The DACA program itself was created in 2012 when Obama issued an executive order to enforce the provisions of what had been proposed in the legislation.

[Mother Jones]

Reality

So many things wrong:

  1. The White House, the Senate and the House are not the three branches of government.
  2. Obama wasn’t president in 2008.
  3. Republicans blocked DACA legislation in 2010.
  4. DACA executive order didn’t exist until 2012.
  5. It was Trump who unilaterally broke the program.

Trump pushes for stronger border in wake of Colts’ Edwin Jackson killing

President Donald Trump urged for tougher border security Tuesday after Indianapolis Colts linebacker Edwin Jackson was reportedly killed by an undocumented immigrant in a vehicle collision.

“So disgraceful that a person illegally in our country killed @Colts linebacker Edwin Jackson,” he tweeted. “This is just one of many such preventable tragedies. We must get the Dems to get tough on the Border, and with illegal immigration, FAST!”

Prior to the president’s tweets, however, Chad Bouchez, Jackson’s roommate, said during a CBS interview, that Jackson would not want his death politicized. “He would not want that,” Bouchez said. “I don’t think Edwin would have judged anyone on where they were from or anything else. ”

The man accused of hitting Jackson and his Uber driver with his vehicle in Indianapolis on Sunday had been deported twice, according to Indiana State Police. Manuel Orrego-Savala, 37, might have entered the U.S. on or around July 1, 2004, according to an email Monday from Nicole Alberico, a spokeswoman for Immigration and Customs Enforcement. According to CNN, an ICE statement said the accused also has other “misdemeanor criminal convictions and arrests in California and Indiana.”

News reports say prosecutors have not formally charged Orrego-Savala but authorities said they are working on potential criminal charges.

Rep. Todd Rokita (R-Ind.) shared the president’s sentiments, according to a Washington Times report Monday.

“The loss of life at the hands of illegal immigrant criminals should make all Hoosiers sad and ultimately angry,” Rokita said. “We must do more to get these dangerous illegal immigrant criminals off of our streets, and guarantee this never happens again by building a wall, ending sanctuary cities, and stopping illegal immigration once and for all.”

The second-year linebacker was loved by the Colts organization, according to the team’s statement on Sunday.

“We admired his outgoing personality, competitive spirit and hard-working mentality,” the statement said. “He was well-respected among all with whom he crossed paths, and he will be greatly missed in our locker room and throughout our entire organization.”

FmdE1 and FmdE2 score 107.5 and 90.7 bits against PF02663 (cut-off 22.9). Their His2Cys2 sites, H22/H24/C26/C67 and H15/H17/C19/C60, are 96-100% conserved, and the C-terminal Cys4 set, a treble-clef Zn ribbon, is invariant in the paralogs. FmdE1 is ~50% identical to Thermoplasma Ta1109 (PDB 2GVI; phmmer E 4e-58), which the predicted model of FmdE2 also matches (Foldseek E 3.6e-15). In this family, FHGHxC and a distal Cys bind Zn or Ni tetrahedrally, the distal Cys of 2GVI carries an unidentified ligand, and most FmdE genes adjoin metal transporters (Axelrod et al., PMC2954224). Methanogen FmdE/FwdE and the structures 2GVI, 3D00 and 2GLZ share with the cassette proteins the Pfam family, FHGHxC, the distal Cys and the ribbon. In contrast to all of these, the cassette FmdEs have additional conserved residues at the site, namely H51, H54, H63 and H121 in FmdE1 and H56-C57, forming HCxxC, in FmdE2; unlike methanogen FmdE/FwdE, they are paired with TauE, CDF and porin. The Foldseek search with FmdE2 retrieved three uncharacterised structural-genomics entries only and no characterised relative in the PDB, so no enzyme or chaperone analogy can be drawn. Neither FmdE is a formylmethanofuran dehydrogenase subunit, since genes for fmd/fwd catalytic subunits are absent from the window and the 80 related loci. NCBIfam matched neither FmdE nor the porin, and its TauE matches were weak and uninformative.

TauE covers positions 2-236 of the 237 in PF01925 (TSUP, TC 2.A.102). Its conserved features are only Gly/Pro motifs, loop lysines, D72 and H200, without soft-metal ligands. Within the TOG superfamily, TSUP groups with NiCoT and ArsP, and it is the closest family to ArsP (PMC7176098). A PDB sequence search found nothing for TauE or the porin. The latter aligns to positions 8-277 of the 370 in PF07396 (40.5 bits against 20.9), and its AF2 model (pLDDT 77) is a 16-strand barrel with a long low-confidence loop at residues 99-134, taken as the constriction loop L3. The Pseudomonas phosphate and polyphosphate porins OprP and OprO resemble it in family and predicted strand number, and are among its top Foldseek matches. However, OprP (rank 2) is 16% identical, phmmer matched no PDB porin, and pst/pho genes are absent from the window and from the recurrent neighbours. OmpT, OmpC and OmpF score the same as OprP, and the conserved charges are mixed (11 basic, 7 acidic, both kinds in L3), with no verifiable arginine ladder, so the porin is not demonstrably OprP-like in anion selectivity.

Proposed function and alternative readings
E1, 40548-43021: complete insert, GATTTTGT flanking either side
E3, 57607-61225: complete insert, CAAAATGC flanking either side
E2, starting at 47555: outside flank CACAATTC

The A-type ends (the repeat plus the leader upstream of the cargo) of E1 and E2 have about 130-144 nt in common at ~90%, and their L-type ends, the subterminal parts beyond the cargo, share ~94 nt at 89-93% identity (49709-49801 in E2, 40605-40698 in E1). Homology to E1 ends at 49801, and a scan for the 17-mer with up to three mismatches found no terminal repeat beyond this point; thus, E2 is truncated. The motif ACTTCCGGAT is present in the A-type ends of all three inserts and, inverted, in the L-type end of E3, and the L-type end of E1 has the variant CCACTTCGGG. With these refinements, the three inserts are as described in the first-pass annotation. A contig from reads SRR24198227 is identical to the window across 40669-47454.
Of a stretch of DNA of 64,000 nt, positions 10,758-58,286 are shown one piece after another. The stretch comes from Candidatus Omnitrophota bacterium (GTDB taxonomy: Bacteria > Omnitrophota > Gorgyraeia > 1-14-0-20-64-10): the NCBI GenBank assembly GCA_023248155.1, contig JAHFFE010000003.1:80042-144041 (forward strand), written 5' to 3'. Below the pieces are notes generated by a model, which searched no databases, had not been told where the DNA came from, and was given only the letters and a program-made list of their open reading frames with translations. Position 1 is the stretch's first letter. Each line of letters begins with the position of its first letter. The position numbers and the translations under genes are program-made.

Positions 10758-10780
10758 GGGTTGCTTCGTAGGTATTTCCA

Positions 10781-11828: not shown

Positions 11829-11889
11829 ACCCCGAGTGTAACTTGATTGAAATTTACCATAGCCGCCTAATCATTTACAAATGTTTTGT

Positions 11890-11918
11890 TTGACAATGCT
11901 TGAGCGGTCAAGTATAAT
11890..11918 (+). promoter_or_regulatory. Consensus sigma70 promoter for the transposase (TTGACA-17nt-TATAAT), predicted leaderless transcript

After pushing for Democrats to get “tougher” on border control, Trump sent his condolences to Jackson’s family.

“My prayers and best wishes are with the family of Edwin Jackson, a wonderful young man whose life was so senselessly taken. @Colts,” he tweeted.

The president had previously criticized the “disgraceful” verdict in the 2015 case of Kate Steinle, who was shot and killed by an undocumented immigrant in San Francisco. As a result, Trump called for the building of a border wall after the verdict was delivered in the trial in December.

[Politico]

Reality

This was a sad and tragic event by an illegal immigrant, but it is *A* sad and tragic event, meaning this is just one instance. Policy needs to reflect data, which unequivocally shows that immigrants (both legal and illegal) commit crimes at far lower rates than the native population.

Second, Orrego-Savala was driving without a license and intoxicated, so we could make just as strong, if not stronger, of an argument against drunk driving as one could about illegal immigration being the primary factor of death.

Trump tweets memo ‘totally vindicates’ him in Russia inquiry

President Donald Trump said Saturday that the memo released by the House Intelligence Committee the day before has vindicated him and proved that the special counsel’s Russia investigation is an “American disgrace.”

In a tweet posted Saturday morning, Trump continued his attacks against his own FBI and Justice Department for its investigation into potential collusion between Russia and the Trump campaign during the 2016 election.

“This memo totally vindicates ‘Trump’ in probe,” the president tweeted. “But the Russian Witch Hunt goes on and on.”

Trump’s tweet appeared to support contentions made by Democrats like Rep. Adam Schiff of California that the memo’s release was merely a partisan attempt to undermine the Russia investigation.